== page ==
In 1941, the SAE Iron and Steel Division, in collaboration with the American Iron and Steel Institute (AISI), made a major change in the method of expressing composition ranges for the SAE steels. The plan, as now applied, is based in general on narrower cast or heat analysis ranges plus certain product analysis allowances on individual samples, in place of the fixed ranges and limits without tolerances formerly provided for carbon and other elements in SAE steels. For years the variety of chemical compositions of steel has been a matter of concern in the steel industry. It was recognized that production of fewer grades of steel could result in improved deliveries and provide a better opportunity to achieve advances in technology, manufacturing practices, and quality, and thus develop more fully the possibilities of application inherent in those grades. Comprehensive and impartial studies were directed toward determining which of the many grades being specified were the ones in most common demand, and the feasibility of combining compositions having like requirements.
Book
2014-06-13
Paul E. Geck
Advanced high-strength steels (AHSS) are a family of steels that are stronger than most steels and have better formability than today’s conventional high-strength steels. New U.S. safety and fuel economy regulations have intensified pressure on OEMs to reduce vehicle weight. These pressures are causing auto companies to rethink alternative material applications and to look for opportunities that steel offers. The purpose of this book is to provide information for engineers who are designing the next generation of lighter vehicles. The material in the book is presented to help them make informed decisions on what basic materials to use and how to optimize those materials to achieve cost-effective weight reduction. The emphasis is on steels in general and AHSS in particular. However, there is much information on comparisons of steel with alternative materials for different subsystems of the vehicle. To support the latest automotive challenges in terms of weight reduction, this book lays out the opportunities for alternative material use in automobiles and offers the most up-to-date design guidance in efficient architectures that use AHSS.
Standard
2014-06-12
This specification covers a corrosion-resistant steel in the form of sheet and strip. These products have been used typically for parts requiring strength and moderate forming or bending, but usage is not limited to such applications. Mechanical properties specified herein are obtained by cold working (strain hardening) and not by heat treatment. Therefore, the cold-worked product should not be heated to a temperature which adversely affects the mechanical properties or corrosion resistance before, during, or after fabrication.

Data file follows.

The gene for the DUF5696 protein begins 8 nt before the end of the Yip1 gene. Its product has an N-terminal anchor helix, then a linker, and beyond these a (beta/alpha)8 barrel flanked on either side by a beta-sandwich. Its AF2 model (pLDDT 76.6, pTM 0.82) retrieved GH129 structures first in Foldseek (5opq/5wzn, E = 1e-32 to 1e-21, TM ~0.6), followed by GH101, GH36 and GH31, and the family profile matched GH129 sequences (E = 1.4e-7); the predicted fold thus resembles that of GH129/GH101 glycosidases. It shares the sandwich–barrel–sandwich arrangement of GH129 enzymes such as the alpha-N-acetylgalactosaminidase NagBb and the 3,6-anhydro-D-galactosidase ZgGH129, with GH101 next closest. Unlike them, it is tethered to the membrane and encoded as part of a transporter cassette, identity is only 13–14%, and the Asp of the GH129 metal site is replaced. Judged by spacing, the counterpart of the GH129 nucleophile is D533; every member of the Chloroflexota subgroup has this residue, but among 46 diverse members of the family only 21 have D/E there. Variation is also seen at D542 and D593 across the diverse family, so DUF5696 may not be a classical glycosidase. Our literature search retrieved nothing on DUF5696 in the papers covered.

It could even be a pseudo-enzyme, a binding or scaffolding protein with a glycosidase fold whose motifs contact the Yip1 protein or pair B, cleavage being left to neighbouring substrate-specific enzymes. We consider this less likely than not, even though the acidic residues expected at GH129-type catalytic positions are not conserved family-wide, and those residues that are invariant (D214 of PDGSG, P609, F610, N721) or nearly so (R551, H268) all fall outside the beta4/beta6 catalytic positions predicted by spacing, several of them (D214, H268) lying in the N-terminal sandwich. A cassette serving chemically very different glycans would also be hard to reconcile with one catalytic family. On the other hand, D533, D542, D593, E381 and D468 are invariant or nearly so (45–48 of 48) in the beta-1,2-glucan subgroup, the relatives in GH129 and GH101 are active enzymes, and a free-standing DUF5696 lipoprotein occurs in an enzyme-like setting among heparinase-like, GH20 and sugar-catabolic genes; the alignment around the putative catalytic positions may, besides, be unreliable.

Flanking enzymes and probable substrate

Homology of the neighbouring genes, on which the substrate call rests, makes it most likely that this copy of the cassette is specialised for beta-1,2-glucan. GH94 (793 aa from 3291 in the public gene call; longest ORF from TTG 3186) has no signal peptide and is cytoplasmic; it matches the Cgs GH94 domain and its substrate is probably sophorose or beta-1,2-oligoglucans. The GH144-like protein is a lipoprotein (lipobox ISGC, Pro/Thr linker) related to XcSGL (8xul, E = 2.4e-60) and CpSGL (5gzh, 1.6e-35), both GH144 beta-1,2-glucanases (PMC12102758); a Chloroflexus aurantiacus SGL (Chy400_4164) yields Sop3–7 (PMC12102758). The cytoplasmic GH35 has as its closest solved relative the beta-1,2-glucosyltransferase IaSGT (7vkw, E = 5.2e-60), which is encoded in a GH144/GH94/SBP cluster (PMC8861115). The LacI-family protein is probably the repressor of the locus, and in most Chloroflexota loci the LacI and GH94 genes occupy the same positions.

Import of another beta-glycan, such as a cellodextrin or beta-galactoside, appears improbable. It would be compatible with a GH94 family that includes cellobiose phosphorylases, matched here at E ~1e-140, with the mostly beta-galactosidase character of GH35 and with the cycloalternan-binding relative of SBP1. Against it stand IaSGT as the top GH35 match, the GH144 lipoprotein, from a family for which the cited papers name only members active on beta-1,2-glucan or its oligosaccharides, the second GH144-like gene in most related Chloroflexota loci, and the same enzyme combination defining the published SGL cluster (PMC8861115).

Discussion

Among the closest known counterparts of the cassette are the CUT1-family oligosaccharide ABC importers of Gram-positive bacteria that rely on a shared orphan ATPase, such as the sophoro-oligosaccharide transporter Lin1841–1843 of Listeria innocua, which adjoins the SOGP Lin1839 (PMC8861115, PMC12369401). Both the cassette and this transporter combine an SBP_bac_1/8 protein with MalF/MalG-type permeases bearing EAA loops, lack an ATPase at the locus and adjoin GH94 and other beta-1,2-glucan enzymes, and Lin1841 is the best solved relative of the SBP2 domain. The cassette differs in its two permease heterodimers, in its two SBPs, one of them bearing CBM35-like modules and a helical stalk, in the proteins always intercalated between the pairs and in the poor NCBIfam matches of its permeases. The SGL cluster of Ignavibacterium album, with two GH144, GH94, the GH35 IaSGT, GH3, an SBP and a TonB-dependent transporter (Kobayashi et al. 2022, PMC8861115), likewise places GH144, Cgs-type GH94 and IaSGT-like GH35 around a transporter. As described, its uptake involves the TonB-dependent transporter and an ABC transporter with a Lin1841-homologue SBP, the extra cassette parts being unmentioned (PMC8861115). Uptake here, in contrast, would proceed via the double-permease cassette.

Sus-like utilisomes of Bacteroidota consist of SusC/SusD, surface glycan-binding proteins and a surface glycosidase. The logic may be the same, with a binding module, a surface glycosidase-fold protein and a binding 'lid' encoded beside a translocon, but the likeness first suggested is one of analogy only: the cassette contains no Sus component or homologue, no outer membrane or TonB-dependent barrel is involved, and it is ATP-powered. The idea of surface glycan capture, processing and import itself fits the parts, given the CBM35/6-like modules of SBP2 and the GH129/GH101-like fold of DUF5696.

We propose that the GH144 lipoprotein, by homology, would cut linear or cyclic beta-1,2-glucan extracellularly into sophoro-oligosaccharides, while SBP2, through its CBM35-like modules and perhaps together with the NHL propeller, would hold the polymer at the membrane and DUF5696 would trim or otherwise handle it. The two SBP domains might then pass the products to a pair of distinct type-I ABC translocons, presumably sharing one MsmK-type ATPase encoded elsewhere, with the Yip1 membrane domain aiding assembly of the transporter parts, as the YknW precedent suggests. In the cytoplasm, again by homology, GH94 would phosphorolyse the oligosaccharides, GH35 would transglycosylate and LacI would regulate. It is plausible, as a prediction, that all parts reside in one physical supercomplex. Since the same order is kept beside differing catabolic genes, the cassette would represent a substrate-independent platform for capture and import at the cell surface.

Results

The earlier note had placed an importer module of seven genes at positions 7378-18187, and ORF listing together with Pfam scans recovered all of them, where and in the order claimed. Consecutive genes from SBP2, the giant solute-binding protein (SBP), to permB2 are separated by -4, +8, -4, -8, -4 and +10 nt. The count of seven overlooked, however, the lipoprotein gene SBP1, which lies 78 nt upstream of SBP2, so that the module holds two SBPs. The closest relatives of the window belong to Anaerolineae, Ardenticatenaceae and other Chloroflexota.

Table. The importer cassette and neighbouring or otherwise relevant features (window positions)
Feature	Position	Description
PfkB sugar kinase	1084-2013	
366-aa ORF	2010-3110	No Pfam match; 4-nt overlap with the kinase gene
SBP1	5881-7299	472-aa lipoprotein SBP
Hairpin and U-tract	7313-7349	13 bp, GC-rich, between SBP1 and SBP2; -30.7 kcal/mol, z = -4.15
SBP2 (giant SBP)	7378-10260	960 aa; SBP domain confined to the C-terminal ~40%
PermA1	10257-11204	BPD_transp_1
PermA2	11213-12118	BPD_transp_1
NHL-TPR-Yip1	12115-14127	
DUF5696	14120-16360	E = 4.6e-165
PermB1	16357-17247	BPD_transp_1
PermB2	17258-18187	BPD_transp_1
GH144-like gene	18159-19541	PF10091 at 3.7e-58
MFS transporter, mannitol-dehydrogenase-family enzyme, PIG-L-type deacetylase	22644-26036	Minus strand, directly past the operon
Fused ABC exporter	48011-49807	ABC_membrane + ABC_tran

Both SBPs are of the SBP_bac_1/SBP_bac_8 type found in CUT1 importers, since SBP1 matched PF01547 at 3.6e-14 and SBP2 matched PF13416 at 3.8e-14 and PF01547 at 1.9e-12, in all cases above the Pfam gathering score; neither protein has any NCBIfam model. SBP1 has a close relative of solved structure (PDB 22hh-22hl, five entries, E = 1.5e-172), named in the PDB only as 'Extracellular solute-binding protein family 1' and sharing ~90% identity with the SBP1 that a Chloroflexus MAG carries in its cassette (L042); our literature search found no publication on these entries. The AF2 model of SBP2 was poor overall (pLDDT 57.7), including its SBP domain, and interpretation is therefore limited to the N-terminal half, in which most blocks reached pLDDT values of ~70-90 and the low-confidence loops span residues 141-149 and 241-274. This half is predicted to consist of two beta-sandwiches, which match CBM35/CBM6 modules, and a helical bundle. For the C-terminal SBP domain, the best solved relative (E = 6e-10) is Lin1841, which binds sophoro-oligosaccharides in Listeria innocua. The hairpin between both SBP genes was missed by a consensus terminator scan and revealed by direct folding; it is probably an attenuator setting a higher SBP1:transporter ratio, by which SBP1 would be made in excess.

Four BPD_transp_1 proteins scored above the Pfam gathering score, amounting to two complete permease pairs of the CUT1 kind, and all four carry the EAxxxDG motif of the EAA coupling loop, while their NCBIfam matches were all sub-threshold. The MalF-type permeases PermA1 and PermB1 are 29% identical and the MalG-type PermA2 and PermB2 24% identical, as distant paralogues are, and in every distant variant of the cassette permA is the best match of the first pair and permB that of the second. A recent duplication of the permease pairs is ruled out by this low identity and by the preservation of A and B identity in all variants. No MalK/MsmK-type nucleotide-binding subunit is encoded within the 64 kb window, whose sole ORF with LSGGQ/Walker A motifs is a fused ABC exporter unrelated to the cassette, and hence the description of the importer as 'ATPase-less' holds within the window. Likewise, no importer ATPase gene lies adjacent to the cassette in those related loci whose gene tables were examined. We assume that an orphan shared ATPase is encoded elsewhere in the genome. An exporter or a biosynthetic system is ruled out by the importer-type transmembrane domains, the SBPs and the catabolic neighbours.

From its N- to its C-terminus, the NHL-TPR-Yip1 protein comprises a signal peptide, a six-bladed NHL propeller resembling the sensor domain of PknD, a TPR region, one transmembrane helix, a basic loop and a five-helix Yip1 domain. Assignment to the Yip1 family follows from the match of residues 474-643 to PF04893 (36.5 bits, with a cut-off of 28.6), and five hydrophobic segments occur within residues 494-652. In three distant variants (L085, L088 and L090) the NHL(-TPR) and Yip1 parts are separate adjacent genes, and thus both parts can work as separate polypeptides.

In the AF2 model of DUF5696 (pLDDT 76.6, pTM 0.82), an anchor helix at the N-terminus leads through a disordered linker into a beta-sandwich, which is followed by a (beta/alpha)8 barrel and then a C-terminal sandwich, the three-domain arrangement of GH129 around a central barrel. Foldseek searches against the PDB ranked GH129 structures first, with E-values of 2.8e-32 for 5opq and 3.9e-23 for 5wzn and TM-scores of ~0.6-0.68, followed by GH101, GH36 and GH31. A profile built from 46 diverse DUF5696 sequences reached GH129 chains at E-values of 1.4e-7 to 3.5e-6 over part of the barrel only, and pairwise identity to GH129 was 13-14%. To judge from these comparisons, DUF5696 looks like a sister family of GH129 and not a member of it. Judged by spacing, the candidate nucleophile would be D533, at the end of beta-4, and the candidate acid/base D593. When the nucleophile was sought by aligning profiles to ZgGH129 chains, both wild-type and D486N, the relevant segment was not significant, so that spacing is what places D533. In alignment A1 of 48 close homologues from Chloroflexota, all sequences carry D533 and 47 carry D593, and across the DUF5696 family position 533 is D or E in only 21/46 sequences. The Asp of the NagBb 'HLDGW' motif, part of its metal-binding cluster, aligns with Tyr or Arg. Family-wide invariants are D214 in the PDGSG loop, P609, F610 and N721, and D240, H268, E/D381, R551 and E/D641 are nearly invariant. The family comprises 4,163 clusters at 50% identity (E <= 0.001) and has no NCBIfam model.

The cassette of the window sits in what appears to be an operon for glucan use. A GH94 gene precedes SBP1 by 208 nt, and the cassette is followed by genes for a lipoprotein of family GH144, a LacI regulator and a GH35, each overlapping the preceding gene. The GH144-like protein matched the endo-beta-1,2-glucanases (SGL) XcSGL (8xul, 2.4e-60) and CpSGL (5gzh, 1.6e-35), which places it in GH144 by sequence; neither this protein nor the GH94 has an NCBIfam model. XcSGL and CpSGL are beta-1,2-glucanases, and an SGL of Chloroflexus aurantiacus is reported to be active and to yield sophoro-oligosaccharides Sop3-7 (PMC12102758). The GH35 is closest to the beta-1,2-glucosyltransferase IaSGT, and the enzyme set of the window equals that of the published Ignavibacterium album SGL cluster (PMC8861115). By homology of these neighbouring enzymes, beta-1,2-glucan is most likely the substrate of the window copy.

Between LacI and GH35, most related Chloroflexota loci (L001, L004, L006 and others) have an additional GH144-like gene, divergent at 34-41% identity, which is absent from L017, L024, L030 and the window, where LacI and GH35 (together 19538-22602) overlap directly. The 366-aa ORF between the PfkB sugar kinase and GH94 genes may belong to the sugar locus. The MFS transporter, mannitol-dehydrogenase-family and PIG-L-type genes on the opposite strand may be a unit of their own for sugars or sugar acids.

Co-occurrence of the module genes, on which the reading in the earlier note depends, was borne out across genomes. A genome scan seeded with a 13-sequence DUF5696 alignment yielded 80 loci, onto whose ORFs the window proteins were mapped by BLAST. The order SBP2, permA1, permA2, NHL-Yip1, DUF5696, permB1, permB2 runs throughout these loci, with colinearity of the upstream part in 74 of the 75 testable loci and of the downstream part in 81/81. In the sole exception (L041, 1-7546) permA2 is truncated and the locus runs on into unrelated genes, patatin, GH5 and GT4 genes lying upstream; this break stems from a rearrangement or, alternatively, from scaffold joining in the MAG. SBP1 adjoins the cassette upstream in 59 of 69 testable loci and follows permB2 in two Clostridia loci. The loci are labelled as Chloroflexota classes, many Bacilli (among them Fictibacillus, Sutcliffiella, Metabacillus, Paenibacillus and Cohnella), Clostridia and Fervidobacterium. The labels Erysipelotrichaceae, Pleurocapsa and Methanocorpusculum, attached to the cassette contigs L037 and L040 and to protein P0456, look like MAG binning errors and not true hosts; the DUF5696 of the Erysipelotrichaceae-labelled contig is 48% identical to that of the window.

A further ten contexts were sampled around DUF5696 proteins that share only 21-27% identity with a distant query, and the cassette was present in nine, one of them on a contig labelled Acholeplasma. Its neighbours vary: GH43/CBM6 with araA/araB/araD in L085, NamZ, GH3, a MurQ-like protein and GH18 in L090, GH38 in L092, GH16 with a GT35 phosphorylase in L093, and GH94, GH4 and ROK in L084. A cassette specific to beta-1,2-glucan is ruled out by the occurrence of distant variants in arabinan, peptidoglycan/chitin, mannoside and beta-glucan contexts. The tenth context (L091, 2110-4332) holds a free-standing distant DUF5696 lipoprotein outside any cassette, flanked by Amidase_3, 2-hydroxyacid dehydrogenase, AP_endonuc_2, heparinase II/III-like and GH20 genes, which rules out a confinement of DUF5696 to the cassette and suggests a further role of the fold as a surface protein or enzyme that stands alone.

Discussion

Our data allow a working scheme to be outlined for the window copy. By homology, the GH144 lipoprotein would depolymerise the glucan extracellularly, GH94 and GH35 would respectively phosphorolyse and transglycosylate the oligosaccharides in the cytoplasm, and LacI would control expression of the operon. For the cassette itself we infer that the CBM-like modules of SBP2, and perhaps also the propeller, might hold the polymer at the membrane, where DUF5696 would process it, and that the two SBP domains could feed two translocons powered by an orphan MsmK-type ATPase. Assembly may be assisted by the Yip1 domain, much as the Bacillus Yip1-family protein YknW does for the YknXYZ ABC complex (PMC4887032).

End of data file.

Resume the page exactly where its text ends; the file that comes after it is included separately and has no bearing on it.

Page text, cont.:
Standard
2014-06-05
This specification covers a premium aircraft-quality, corrosion-resistant steel in the form of bars, wire, forgings, mechanical tubing, and forging stock. These products have been used typically for parts requiring a through-hardening, corrosion-resistant steel, operating under heavy loads at high speeds, requiring resistance to wear and softening at elevated temperatures, and subject to very rigid inspection standards, but usage is not limited to such applications.
Standard
2014-06-05
This specification covers a corrosion and heat resistant steel in the form of bars, wire, forgings, mechanical tubing, flash welded rings, and stock for forging, flash welded rings, or heading. These products have been used typically for parts requiring oxidation resistance up to 1000 degrees F (538 degrees C), but usage is not limited to such applications. Strength at the higher temperature is superior to that of the standard 12Cr type steel.
Standard
2014-06-05
This specification covers an aircraft-quality, low-alloy steel in the form of round, seamless tubing having a wall thickness not greater than 0.188 inch (4.78 mm). This tubing has been typically used in thin-walled sections where a minimum tensile strength of 125 ksi (862 MPa) is required, but usage is not limited to such applications.
Standard
2014-06-05
This specification covers an aircraft-quality, low-alloy steel in the form of round, seamless tubing having a wall thickness not greater than 0.188 inch (4.78 mm). This tubing has been used typically for general use where a minimum tensile strength of 150 ksi (1034 MPa) is required, but usage is not limited to such applications.
Standard
2014-06-05
This specification covers quality assurance sampling and testing procedures used to determine conformance to applicable specification requirements of carbon and low-alloy steel forgings.
Standard
2014-06-05
This specification covers an aircraft-quality, low-alloy steel in the form of bars, forgings, flash welded rings, and stock for forging or flash welded rings.
Standard
2014-05-19
This specification covers a premium aircraft-quality, low-alloy steel in the form of bars, forgings, mechanical tubing, and forging stock.
Viewing 1 to 30 of 7064

Filter

  • Range:
    to:
  • Year: